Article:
We drove over a rise and Cairabrae came into view. Clearly, I’d underestimated Mason’s definition of estate. Cairabrae was a sprawling two-storey stone mansion with wings on either side of a large columned entryway. Formal manicured gardens surrounded a circular drive that passed under a wide porte cochère. Outside the porte cochère, opposite the front doors, stood a larger-than-life marble fountain. It consisted of three Greek-inspired female figures standing shoulder to shoulder, facing out. Their stone dresses were wet from water that spilled from the heavy vases on their shoulders. Each of the figures held a dove in an outstretched palm.
“This is beautiful,” I said, my voice filled with awe. He pulled in under the porte cochère and parked. Mason definitely did not live in a musty basement.
“Dad’s had a late lunch prepared for us. I’ll take you to your hotel after we eat.”
“Thank you.” I reached to open the car door. Mason came around and held it for me then offered his hand. I took it, once again apologizing for my frailty. Mason winced in sympathy.
I hated feeling weak. “It doesn’t hurt that much.” I smiled brightly as I straightened my clothes. “Emery says two more weeks and I’ll be as good as new.” Emery was my doctor and the closest thing to a father I had in my life. The new skin on my back hadn’t hurt this much since he’d removed the bandages a week ago. But I’d been on the road since seven this morning, most of that time strapped in with my back against a seat—almost five hours in the plane and another hour and a half in Mason’s car. The pressure irritated, but the skin would soon toughen up. I’m not sure the same could be said for my psyche. The horror of my ordeal still woke me some nights.
The right side of the big double-entry doors opened before Mason reached them. A man, who could only be described as a pro-wrestler, held it ajar. He was dressed in black and had biceps larger than my thighs. His neck was even thicker. All he needed was the ornate gold belt and spandex tights.
“Mason,” the man said, dipping his head. His clean-shaven face was kindly but a smile wouldn’t have gone amiss.
“Ryan. Where’s Dad?”
“Out back. Do you have luggage?”
“No. Emelynn’s not staying. Emelynn, Ryan,” he said.
“Ryan.” I offered my hand. His eyes darted to Mason for approval. Was a handshake inappropriate, I wondered?
He forced a brief smile. “Nice to meet you, Emelynn.” Ryan was too intense to be the doorman. He must be security.
“This way,” Mason said, steering us forward.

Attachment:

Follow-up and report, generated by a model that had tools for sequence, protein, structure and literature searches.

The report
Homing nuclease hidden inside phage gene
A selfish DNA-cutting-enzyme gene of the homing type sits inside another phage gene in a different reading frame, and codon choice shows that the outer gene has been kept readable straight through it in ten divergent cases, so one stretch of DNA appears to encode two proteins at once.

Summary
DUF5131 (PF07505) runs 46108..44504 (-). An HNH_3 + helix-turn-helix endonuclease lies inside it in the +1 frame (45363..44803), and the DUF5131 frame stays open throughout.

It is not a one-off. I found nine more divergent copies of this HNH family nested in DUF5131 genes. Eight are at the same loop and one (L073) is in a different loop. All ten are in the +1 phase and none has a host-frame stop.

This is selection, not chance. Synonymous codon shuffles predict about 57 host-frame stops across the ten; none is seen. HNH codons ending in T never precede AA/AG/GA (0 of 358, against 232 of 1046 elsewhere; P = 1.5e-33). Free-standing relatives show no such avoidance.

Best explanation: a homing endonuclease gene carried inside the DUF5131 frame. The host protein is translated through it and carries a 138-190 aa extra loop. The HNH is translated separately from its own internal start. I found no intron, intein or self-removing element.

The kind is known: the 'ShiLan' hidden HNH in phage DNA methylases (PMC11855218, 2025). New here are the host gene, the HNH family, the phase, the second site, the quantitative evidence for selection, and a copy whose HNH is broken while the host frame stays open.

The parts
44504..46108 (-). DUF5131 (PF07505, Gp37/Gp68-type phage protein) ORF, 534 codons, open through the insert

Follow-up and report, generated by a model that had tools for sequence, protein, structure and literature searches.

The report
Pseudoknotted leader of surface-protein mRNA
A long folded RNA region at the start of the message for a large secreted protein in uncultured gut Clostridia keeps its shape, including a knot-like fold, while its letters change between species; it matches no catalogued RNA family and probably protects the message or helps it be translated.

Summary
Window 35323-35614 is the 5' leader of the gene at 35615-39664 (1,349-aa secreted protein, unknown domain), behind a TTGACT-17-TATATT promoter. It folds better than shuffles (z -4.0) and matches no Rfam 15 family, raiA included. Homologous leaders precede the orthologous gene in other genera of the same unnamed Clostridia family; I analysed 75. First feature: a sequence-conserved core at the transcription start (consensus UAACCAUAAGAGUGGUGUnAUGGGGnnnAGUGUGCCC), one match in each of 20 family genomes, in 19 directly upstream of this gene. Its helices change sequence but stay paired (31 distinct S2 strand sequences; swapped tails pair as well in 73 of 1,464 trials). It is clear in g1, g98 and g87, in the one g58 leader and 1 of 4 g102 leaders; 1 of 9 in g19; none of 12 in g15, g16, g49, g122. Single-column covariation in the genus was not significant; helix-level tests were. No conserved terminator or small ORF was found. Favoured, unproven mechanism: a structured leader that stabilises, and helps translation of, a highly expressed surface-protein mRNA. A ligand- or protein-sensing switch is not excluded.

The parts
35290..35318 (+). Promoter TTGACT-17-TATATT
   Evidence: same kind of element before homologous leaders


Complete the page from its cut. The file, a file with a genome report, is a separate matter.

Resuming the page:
I considered myself lucky to come from a family that was well-off, but this was well-off to the hundredth power. It was easily the most beautiful house I’d ever been in, though “house” was a misnomer: it was a palace. We stepped over the threshold into an expansive vestibule. Pale marble floors gleamed all around and a six-foot-wide staircase curved up on the left to a second-storey atrium. A round claw-foot table sat in the entrance and it was bigger than two of my dining-room tables put together. In fact, my dining-room table would have collapsed under the weight of the enormous bouquet of flowers that graced this one. A thick oriental carpet was centred under the table and a chandelier the size of an armchair lit the lofty two-storey entryway. It put me in mind of a hotel lobby.
We crossed the floor and descended three steps to a formal sitting area. The scale of the room was huge. To the right was a fireplace I could almost stand upright in … and I’m five-foot-seven. In the corner to the left sat a beautiful, red-lacquered grand piano. Floor-to-ceiling folding glass doors stretched across the back wall.
We strode through the room and stepped outside onto a vast covered patio, beyond which lay an expanse of pavers drenched in sunlight. Potted palms were artfully scattered about and blue water sparkled invitingly in a pool off to the left. The back lawn, cut short and faded to a crispy pale brown, stretched on for an impossible distance. Horses swished their tails in a paddock beyond the lawn.
I spotted Mason’s father sitting just inside the shadow of the covered patio. He set his glasses on the table and rose to greet us. Pure white hair framed his tanned face. He smiled at me like an indulgent grandfather as Mason made the introductions.
“Dad, I’d like you to meet Emelynn Taylor. Emelynn, Stuart Reynolds.”
I offered him my hand. “Mr. Reynolds.” He was shorter than Mason and handsome despite the deep lines on his face.
“Stuart, please,” he said, crinkling the edges of his dark eyes as he grasped my hand firmly between both of his. His hands were rough; a working man’s hands.
“It’s so nice to finally meet you, Emelynn.”